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Heaps and Stacks - explained like you're five
Chronicles of C++ Memory Management - Part 7
You know, there’s a Subreddit called “Explain Like I’m Five”, which is all about the idea that people ask complex questions and expect answers to be as simple as it was being explained to a five years old kiddo. And I find this to be really amazing. You can find all kinds of crazily interesting stuff like “Explain quantum physics like I’m five”, etc. It’s the art! It’s the damn absolute art of finding the proper explanation as if your listeners don’t own neither the super-complex vocabulary nor the patience to listen to long-form blabbing.
With that in mind, I’d like to discuss Heaps and Stacks in the most simple way possible. And I’d appreciate if you let me know how I did it!
As usual, the bite-sized infographic first and then the more detailed explanation below.
In all honesty, I was thinking about this A LOT. And when I say A LOT, I mean - for days on end. Maybe even a week. Trying to find the right single-worded description of what Heap and Stack represent. We all know the formal definitions and all, but what are the actual real-life examples.
I decided to go with a “Beach”. Beaches are usually big enough that you can “store” everything from a towel all the way to a car; possibly a helicopter as well. Beaches are also public, most of the time, meaning that anyone can find a free spot and put their stuff there. Finally, I presumed that mostly everyone has seen a beach at least once in their life, so the symbolism should be simple to digest.
There’s a downside to the “Beach” symbolics though. When you’re on a beach, everybody can see everybody else’s stuff. And Heaps are not like that. Heaps are still private to the process who asked for them; unless explicitly shared with others. So I was thinking about saying that “Heap is like a Private Beach”, but that posed some additional questions that I wasn’t willing to entertain (e.g. what does “private mean”? Who can access that beach then?).
I settled on the idea that “Heap is like a beach”. You can leave as many stuff as you want there (much more than on a Stack). Stuff remains there (almost) indefinetly (from the POV of running process, “indefinitely” means for as long as your process is running) and it can get fragmented, just like Heaps do. Whether I got it right is left to be answered by you - the reader :)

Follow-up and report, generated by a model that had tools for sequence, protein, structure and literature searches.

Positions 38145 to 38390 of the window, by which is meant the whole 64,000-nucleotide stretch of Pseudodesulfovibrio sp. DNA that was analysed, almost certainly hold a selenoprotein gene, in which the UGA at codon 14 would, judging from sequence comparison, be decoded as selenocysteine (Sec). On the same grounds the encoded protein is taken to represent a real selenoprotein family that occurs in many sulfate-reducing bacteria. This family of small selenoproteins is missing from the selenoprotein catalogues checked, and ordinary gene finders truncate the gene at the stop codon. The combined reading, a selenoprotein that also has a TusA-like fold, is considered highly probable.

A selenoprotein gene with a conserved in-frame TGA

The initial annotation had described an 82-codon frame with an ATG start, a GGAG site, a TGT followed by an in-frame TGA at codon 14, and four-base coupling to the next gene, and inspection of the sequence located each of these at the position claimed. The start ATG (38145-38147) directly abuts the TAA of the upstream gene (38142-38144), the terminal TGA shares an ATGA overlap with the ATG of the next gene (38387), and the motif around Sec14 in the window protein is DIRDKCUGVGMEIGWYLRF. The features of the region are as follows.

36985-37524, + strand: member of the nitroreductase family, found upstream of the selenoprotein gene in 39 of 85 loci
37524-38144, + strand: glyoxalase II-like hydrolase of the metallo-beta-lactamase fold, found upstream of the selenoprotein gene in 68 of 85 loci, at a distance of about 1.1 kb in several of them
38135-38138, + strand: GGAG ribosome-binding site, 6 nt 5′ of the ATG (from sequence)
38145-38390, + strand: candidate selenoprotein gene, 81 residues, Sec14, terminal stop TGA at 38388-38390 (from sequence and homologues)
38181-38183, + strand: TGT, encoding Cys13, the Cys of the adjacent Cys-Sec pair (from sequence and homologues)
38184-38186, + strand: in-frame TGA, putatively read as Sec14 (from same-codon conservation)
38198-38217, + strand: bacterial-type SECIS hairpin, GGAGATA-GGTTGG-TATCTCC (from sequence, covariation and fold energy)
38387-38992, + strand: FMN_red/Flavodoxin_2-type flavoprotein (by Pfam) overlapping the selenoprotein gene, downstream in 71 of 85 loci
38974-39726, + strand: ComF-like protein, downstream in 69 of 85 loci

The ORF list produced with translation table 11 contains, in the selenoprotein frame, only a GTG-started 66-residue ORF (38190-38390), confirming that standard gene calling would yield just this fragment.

On the other hand, going with the “Beach” symbolism called for finding the right symbol for Stack. In contrast to the Heap, Stack is of limited size and everything gets wiped out the moment it goes out of scope.
I settled on the idea of “Hotel Room”. It’s way smaller than the beach (just like Stack is), it houses very limited set of stuff, but the moment you check-out (i.e. your data goes out of scope) everything gets wiped out and memory is “returned” back to the process. The moment you leave your room, the cleaning stuff knows that whatever is left there is not needed any more; just like with the Stack.
Whether I’m right or wrong, I leave for you to judge and let me know!
Back to the original story of Stack vs Heap, what seems to be rather interesting is that they are both just RAM memory after all! Hell, I’d even claim that Stack & Heap are more like implementation details of the language runtime! Neither C++ nor C standards say ANYTHING about Stack or Heap. They do discuss the life-time of the initialized variables (i.e. whether it’s scoped to current scope, or should it live for as long as your process lives) but there is NO mention of Stack or Heap. Go check it out if you don’t believe me.
Main difference which is actually is important is HOW are they allocated. And I blabbed about this in the past articles as well, but, the long story made short is - your thread gets its fixed-sized Stack once it starts the execution and that’s about it. You can consume that memory in any way that you want, but you can’t allocate “more Stack”. You CAN specify how much stack memory you need during the compilation time, but you CAN NOT increase the stack size at execution time. That’s where Heap jumps in.
On the other hand, Heap is dynamically allocated. As in - you ask for it, and if there is free RAM, you get what you asked for. Good news is that you can allocate as much as the OS can physically support. The bad thing is that if you make two separate allocations, you might end up getting fragmented memory, which is not ideal if you’re trying to squeeze out the max performance. But we’ll talk much more about that in future articles.
Finally, as someone coming from the Managed languages world (i.e. that nice place where someone else takes care of your memory), I really got used to the fact that “new” is there to instantiate objects and place them on the Heap. “new” was what you do to MAKE AN INSTANCE OF A CLASS. Ha ha, says C++ :)
As I mentioned in the previous article, when it comes to C++, “new” is there to allocate memory. USUALLY, this memory comes from the Heap. Yes. But this is NOT defined by C++ language at all! C++ says that “new” should instantiate objects whose lifetime should not be tied to the current scope. That’s about it! HOWEVER, and you can read this in that previous article I referenced above - you can totally override the behavior of “new” by defining your own “operator new” and allocating the memory from Stack, or maybe from an SSD drive :)
And that’d be all I had to share with you for today! Next time I’m going to discuss memory leaks and why do they happen and then make an honorable mention of pointers & references. After that I’m going to dig deeper into HeapAlloc and VirtualAlloc, which are Windows’ lowest level functions that you can call to allocate some memory. Until then, if you find this interesting and you haven’t subscribe yet, do consider doing so now :)
Thanks for reading and let me know how you liked this one!
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